An Interview with Lexia’s Chief Learning Officer, Liz Brooke
2020 has brought various unique challenges for school districts around the country that, due to COVID-19, found themselves needing to adapt to remote learning practically overnight. In an interview with Kevin Hogan for his podcast Remote Possibilities by MarketScale, Dr. Liz Brooke, Lexia’s chief learning officer, discussed Lexia’s approach to helping educators through this transition, avoiding the “COVID slide,” and preparing for a successful fall semester.
This interview has been edited for clarity and brevity.
Kevin Hogan, Remote Possibilities: Liz, thanks very much for joining us. Maybe we could start off and you could talk a little bit about Lexia Learning. Then, unfortunately, we're going to have to dig into the particulars of one of the biggest issues that's involved in all this madness with the pandemic: the COVID slide. So, start us off with a little bit about Lexia Learning and your work there.
Liz Brooke, Lexia: Lexia was founded over 35 years ago, using grants from the National Institute of Child Health and Human Development (NICHD), and it was founded by a father who had a son who was a struggling reader. And even back in 1984, this father thought, How can I use technology to bring these principles that are based in the science of reading to more students across the country who cannot read? And so we've been founded on research, efficacy remains foundational to everything we do, and we are continuing to use technology in an adaptive blended learning framework. Really, the last 35 years have been preparing us for this environment we're in currently. We have both curriculum products as well as assessment products, ranging from kindergarten all the way through 12th grade. And, of course, we have professional learning services that support the implementation of those programs in the schools.
Bringing blended learning home
KH: So you say with such a long history and background, you were prepared for this moment, if anyone could have been prepared for something like this. Talk a little bit about how your company has pivoted as a result of this, and some of the insights you can pull out of this rapid transition to remote learning.
LB: Absolutely. Much like the rest of the country, we started to see things shifting really around March 13th or 15th, when most of the schools across the country closed down or shifted to remote learning or digital learning. Lexia Learning offered free, unlimited access to our programs to any customers that even had one license in one of their schools—and we extended that offer to their whole district. That offer was made across the country. We offered this to our current customers because we knew they were familiar with Lexia, but we wanted to expand their reach of the program. We didn't want to approach new customers and confuse them or [make them] think we're trying to take advantage of this situation. We certainly were open to having people come to us if they were interested, but we had more than 10,000 schools take us up on that offer and really start using the program.
KH: Wow, and pre-pandemic, was your service set up to support a remote environment?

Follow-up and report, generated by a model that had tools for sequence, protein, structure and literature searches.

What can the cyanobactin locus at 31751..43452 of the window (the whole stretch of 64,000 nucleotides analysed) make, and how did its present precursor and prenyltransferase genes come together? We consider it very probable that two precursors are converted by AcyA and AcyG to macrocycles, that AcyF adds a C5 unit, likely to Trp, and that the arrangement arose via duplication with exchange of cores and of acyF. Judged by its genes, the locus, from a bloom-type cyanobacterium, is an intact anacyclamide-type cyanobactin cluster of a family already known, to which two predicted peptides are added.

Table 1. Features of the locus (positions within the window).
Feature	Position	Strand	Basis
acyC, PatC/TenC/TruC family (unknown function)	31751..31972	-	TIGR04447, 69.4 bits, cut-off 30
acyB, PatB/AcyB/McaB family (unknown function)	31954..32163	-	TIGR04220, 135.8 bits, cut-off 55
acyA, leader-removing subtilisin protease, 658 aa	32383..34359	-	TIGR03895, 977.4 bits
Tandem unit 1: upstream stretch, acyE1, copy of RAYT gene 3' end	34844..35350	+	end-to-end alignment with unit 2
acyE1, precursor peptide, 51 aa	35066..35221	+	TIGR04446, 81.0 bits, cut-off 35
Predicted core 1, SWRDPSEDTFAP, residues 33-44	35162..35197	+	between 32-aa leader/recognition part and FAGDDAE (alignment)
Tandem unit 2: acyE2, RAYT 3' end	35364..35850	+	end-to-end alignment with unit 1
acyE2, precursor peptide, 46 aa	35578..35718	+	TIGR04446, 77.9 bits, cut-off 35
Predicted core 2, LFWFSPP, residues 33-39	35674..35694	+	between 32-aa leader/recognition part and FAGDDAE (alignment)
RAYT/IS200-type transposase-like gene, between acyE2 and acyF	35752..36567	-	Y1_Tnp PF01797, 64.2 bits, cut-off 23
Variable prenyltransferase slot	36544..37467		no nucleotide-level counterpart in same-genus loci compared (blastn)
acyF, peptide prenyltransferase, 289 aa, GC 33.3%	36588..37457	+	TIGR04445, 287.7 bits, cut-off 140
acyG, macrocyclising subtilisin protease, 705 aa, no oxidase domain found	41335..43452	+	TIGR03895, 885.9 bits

LB: Well, actually, because of the adaptive blended learning framework, there was always home use of some degree in the program because they were either using the online program or offline materials that they could do as homework. For your listeners that may not be familiar, a blended learning framework means that there's a combination of online learning and typically a teacher-led portion done in a classroom, or “brick and mortar.” And then we have very powerful data that connects those two. So even before COVID, there was some element of using the program in a combination of in-classroom and at home, or also in before-school and after-school programs. So, absolutely, that was not a transition for us. That was how our program was designed.
Parents step up
KH: One of the other things that I found interesting in having conversations about this switch is the involvement of parents in the education of their children. I can speak for myself that I had closer encounters with my kids’ teachers over the past three months than I had over the entirety of their education. How has that changed with your product?
LB: That's a great question. There are two types of offline materials that go along with what the students are doing online. We have something called Lexia Lessons® that are typically teacher-led, but they're written in such a way that they're fairly scripted. And we do that because we know across the country that teachers are not always provided the education in the science of reading and may not have all the underlying knowledge to teach all of the various skills across the spectrum. So, they're scripted in such a way that teachers typically deliver those. Those were available to parents, and some teachers did ask the parents to deliver those; however, we saw many teachers delivering those remotely via Zoom or Google Classroom.
The second piece was really where the parents came in more explicitly, which is called Lexia Skill Builders®. Those are designed for when the students have demonstrated mastery online of a particular skill, let's say short vowels. In order for the students to build their automaticity, meaning they can quickly identify those short vowels and generalize that knowledge to a different setting—so be able to still do short vowels, not on the computer—we offer these worksheet-type activities where they can practice. Those Skill Builders became something that we knew, based on the student’s performance, that they should be able to do fairly independently but have some parent involvement. So those activities were sent via PDF, or some schools actually printed out packets and mailed them home.
I mentioned that we pivoted in terms of a learn-from-home offer for our schools, but very quickly, our customer success and our curriculum and assessment teams also pivoted and posted additional resources for parents around ideas of how to use the Skill Builders, or other ideas for what they could do at home with their children.
Facing the digital divide
KH: Interesting. So, there's been a lot of analysis of the spring as not really being successful in terms of the transition. Some of the districts that I've spoken to consider it a success that they were just able to get devices into the kids’ hands and have a connection through the end of the year. And now, they don't even think about assessment or any sort of learning goals. What has your experience been with districts this spring? Is that kind of accurate, or do you think it's a little overblown and that we should be giving some of these districts more credit than they're getting?